The matter of Charlie Castle exemplifies the complicity of legal agencies at multiple levels. Castle was put under guardianship without ever seeing a judge. Subsequent hearings revealed that the same lawyer was representing both sides and that the temporary judge overseeing the case had either previously or currently enjoyed a position at the same law firm. Statements made by the local district attorney that he would look into the matter were not fulfilled, reports made to Adult Protective Services were substantively altered by the time a local police officer went out to “investigate,” the State Ombudsman refused to follow protocol and research allegations of abuse and neglect and the coroner's report was alarmingly missing the very toxicology report which could have proved that Castle was medically murdered.

In the intervening time, Castle's incarceration in locked facilities was emotionally torturous to him, as multiple individuals who attempted to involve themselves could testify. Other individuals under guardianship have not only been isolated from family and friends but have also experienced profound physical abuse and neglect. When Illinois AIP Alice Gore's teeth were removed from her mouth in order to mine them for their gold content, one cannot help but hark back to what happened to targeted populations in the thirties and forties in Eastern Europe. When AIP Stevie Price was given an unnecessary tracheotomy, which allegedly caused his subsequent death, one cannot help but remember the fatal medical experiments done on other children, by a doctor named Josef Mengele. One must never forget that the very first groups that succumbed to the Nazi Master Race Agenda were the elderly and disabled. There is now a documented case of attempted starvation of an AIP, contained in the declaration by Robin Gibson.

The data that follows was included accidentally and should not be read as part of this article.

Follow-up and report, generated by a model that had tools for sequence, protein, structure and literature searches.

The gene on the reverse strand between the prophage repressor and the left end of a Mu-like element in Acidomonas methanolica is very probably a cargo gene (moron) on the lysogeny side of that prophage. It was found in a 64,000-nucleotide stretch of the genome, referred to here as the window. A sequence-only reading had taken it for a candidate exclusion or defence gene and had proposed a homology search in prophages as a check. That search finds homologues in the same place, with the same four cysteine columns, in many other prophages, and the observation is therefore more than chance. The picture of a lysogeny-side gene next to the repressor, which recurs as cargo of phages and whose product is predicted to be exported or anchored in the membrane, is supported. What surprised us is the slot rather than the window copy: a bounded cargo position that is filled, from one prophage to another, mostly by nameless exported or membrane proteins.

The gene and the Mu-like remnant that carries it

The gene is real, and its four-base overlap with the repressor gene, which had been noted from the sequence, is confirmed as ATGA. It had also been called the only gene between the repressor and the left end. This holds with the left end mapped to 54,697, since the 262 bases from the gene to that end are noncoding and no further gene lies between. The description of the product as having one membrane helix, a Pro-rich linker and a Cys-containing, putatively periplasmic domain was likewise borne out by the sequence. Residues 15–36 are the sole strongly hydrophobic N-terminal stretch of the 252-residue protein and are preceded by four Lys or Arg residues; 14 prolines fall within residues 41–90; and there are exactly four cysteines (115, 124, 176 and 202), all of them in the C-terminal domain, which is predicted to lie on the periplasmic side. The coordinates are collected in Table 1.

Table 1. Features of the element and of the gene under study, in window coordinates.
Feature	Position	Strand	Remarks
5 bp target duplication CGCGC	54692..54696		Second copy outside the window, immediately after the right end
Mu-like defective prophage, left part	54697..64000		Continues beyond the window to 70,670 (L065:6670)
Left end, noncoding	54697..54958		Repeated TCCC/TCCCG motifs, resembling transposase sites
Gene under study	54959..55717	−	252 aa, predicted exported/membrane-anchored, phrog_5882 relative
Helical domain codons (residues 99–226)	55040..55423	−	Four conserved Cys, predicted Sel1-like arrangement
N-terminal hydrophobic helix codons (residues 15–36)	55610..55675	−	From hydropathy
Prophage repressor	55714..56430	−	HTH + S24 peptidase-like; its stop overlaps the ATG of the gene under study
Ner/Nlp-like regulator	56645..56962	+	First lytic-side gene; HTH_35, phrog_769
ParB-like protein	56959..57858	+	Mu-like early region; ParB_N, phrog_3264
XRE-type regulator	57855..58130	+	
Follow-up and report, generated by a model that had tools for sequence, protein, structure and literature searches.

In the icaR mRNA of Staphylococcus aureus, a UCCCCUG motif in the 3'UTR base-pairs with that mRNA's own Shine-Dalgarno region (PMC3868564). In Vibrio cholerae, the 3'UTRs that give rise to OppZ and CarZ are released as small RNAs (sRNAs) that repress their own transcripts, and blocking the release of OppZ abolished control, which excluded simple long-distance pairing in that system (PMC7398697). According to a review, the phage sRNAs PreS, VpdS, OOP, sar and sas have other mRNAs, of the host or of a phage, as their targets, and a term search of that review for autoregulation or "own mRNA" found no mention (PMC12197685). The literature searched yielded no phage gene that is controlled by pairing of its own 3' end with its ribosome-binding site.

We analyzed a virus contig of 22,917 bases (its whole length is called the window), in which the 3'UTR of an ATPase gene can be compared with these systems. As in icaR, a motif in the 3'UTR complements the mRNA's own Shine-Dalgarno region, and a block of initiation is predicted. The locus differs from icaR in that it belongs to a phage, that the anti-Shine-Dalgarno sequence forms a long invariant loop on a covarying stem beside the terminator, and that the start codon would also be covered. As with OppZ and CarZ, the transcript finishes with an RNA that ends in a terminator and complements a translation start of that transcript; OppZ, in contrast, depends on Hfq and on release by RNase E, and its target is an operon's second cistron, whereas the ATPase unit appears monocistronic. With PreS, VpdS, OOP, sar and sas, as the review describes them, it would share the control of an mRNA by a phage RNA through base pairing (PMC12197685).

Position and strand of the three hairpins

The crimes of torture that are being inflicted upon those under guardianship may include


Many of the individuals whose circumstances are discussed in the attached declarations have already died, victimized without recourse. However, some, such as Leon Bridges and John Rohrer and David Fettgather and Nancy Golin, are still living. Due to the impossibility of gaining recourse through domestic remedies and due also to the fact that the state party named, the United States, will not recognize the competence of the Committee Against Torture to deliberate over petitions not submitted by a state party, ITHACA is submitting this report to the Special Rapporteur on Torture, with the request that he step in and investigate these claims and engage the state party in dialogue. We do so not only to honor our dead, but to protect the living.

These declarations indicate a surfeit of legal documents to substantiate the claims of torture and deprivation of legal rights. Should these supporting documents be of interest, we ask that you please contact ITHACA to obtain the documentation.

Submitted this 5th day of December, 2016,

Janet Phelan
ITHACA co-chair